I was up for the challenge. After all, part of the reason that I based PC Takeout on VNC and SSH was because they were such commonly used protocols. Surely there had to be a nice, simple, standalone (at least for Windows) way of working with them.

Setting up the office computer was simple - I just downloaded the PC Takeout Installer, installed it, and set up the router in the office to forward port 22 to the desired computer. Finally, I set up a DynDNS account for the client and installed the free DynDNS Updater as a service so the host could be easily looked up (he wasn't sure if he had a static IP or not, so better safe than sorry). A test confirmed that I could SSH in to the computer from the Internet at large.

(Side note: if you're using the PC Takeout Installer for your own purposes and wondering what usernames/passwords to use, here's a quick reference: the SSH user is pctakeout, the SSH password is set during the installation process, and the VNC password is "pctakeou")

Next came the setup of the remote computer (from hereon out referred to as the "satellite" computer). At first, I thought of just using the "standalone" version of the Java client that PC Takeout uses. However, that has a few issues, one of which is the fact that the certificate is expired, and it also isn't nearly as responsive as a native Windows application. I decided to go with the native TightVNC client, since PC Takeout uses the development version of the TightVNC server. This would let the client use the fancy file transfer stuff if they so desired.

With that figured out, it now came time to handle the SSH tunneling. I've used Plink in batch scripts to handle secure SQL updates - however, I've run into issues with the process dying unexpectedly, and it's a pain to deal with all the possibilities in a simple batch/CMD script. I figured something along the lines of Plink was the way to go, though.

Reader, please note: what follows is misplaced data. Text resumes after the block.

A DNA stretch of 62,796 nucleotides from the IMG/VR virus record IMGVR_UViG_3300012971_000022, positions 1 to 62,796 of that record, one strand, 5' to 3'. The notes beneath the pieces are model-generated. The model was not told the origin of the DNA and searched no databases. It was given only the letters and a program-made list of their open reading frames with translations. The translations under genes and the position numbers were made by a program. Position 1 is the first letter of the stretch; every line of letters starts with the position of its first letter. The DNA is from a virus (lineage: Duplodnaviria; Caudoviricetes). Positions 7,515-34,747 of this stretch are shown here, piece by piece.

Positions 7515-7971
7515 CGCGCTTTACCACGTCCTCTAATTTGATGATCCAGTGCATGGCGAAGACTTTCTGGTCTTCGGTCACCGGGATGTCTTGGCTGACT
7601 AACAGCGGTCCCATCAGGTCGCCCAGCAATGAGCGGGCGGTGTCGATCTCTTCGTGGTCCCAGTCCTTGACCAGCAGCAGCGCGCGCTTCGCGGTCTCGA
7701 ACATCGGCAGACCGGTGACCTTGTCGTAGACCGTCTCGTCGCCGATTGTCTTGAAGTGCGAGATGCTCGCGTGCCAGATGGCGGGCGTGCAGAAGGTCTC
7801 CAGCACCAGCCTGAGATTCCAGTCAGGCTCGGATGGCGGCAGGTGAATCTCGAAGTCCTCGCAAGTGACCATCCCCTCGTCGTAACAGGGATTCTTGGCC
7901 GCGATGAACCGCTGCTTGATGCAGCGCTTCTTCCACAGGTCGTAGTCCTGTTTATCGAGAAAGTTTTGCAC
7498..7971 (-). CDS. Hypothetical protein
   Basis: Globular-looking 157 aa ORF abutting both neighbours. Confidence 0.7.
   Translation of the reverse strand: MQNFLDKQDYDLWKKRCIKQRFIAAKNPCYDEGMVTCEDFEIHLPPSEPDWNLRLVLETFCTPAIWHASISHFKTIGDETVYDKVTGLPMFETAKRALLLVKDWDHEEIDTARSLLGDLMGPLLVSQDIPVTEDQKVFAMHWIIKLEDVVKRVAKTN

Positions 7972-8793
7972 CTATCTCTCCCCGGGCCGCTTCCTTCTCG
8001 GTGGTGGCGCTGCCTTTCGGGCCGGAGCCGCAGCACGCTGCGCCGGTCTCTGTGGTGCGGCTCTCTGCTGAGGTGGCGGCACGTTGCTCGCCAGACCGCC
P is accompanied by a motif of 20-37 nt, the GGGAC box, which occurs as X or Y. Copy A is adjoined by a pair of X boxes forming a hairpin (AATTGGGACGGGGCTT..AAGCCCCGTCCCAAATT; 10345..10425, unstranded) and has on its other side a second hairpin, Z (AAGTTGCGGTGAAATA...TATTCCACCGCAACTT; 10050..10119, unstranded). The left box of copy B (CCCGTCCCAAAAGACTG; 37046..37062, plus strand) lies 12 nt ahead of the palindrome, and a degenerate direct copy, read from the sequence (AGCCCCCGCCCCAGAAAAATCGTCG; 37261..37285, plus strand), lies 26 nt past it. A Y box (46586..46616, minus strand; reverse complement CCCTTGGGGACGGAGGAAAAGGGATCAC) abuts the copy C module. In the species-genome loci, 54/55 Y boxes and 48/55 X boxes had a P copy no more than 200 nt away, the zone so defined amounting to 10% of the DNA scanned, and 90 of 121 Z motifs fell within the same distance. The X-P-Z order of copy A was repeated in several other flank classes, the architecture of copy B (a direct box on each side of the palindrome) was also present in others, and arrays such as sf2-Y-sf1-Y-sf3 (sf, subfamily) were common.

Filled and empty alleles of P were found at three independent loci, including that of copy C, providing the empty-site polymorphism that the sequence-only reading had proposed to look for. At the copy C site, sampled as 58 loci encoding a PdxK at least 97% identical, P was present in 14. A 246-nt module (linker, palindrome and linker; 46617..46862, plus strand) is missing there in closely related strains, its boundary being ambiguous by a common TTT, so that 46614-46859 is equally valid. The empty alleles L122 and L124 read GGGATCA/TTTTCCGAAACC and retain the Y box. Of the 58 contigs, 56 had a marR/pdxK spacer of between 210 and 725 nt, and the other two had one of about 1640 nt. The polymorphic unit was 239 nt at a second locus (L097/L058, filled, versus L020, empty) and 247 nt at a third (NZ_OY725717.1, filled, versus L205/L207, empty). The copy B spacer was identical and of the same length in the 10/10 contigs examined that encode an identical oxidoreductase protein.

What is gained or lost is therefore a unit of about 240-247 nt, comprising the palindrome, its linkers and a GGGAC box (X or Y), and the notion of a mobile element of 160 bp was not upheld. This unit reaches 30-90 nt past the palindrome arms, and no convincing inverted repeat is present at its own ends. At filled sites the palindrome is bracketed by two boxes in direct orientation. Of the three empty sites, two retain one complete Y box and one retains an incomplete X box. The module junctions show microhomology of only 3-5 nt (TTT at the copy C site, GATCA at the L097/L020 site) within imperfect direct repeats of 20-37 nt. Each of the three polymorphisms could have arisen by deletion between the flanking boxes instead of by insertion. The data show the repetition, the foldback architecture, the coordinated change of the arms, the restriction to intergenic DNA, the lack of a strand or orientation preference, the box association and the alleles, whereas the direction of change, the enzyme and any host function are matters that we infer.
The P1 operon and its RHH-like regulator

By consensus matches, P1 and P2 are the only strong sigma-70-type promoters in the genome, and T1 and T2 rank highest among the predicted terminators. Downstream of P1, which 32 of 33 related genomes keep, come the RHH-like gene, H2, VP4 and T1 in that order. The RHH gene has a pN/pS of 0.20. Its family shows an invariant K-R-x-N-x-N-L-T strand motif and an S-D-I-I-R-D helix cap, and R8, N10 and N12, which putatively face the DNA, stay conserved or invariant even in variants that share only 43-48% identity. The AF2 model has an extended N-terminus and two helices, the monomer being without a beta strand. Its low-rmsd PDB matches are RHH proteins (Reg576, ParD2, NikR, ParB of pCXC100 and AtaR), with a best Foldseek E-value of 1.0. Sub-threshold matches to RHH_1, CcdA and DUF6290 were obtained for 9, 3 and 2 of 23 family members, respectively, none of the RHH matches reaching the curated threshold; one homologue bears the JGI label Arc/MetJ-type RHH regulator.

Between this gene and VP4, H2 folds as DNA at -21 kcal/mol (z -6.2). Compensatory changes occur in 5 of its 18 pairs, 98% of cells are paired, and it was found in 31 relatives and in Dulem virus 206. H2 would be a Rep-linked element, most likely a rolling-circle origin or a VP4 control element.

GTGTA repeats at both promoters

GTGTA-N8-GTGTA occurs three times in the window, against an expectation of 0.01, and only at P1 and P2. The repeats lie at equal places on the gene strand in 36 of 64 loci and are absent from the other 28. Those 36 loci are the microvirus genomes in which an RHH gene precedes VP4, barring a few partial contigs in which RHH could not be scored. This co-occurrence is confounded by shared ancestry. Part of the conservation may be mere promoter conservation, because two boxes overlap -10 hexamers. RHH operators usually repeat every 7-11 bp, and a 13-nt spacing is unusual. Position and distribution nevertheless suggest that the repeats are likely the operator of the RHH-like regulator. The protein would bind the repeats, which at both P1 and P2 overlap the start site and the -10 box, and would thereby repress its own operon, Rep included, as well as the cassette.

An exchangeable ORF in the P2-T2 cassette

Somehow, a Google search turned up a Windows utility called MyEntunnel, a "background SSH tunnel daemon," as its website describes it. Exactly what I was looking for! And another positive thing - it's freeware! The author even encourages redistribution.

Setting up MyEntunnel was a piece of cake. When you first run it, you get a fairly straightforward settings screen. Fill in the username (pctakeout), enable compression (uses slightly more CPU, but could potentially help the overall speed), and set it to connect at startup if you like. Next step: set up the tunnels.

This is pretty simple. I just added the line "5999:localhost:5000" to the Local pane. This means that any attempts to connect to port 5999 on the local machine would be redirected to port 5900 on the "localhost" machine from the perspective of the central office computer. 5900 is the default port that VNC server listens on in Windows. I decided to use the local port 5999 instead of 5900, in case the client ever ended up running a VNC server on the satellite computer.

Clicking on the "Connect" key starts the magic of MyEntunnel. It will prompt for a password if you haven't entered one already. It uses a system tray icon to convey the status of the connection - a green lock means a successful connection has been made.

Once the connection was made, it was then just a matter of configuring the VNC client. To connect to the forwarded port, I entered "localhost:99" as the VNC server (if you enter a number after the colon, that number gets added to 5900 to determine the port number to try). Since this was over an Internet connection, I chose the "low bandwidth" connection speed.

Testing it out - success! Only I found that input seemed pretty jerky, and screen updates seemed quite delayed. I traced this to the polling mode of the VNC server - the default settings in PC Takeout's VNC server are set to poll the active window only. Changing this to full screen polling solved the issues with delayed screen updates (I'll probably change this for future PC Takeout Installer releases).

All in all, things worked very nicely, and the client is very happy. Score one for PC Takeout!

16 March 2007

VMWare Server + Xubuntu

Lately, I've been interested in the use of Virtual Machines, fueled in part by the free-ness of products such as VMWare Server and Virtual PC 2007. For a couple months I've been using Microsoft's IE6Test virtual machine in Virtual PC 2004. I do a lot of freelance web development, and as such, I need to test in various web browsers.

Virtual PC 2004 has gotten the job done for its intended purpose - however, I've been annoyed with certain aspects of it. It's sooo slow, and oftentimes, if I have Firefox and IE7 already open, it will simply fail to start the virtual machine due to a lack of RAM (This partly because I've only got 512 measly megs).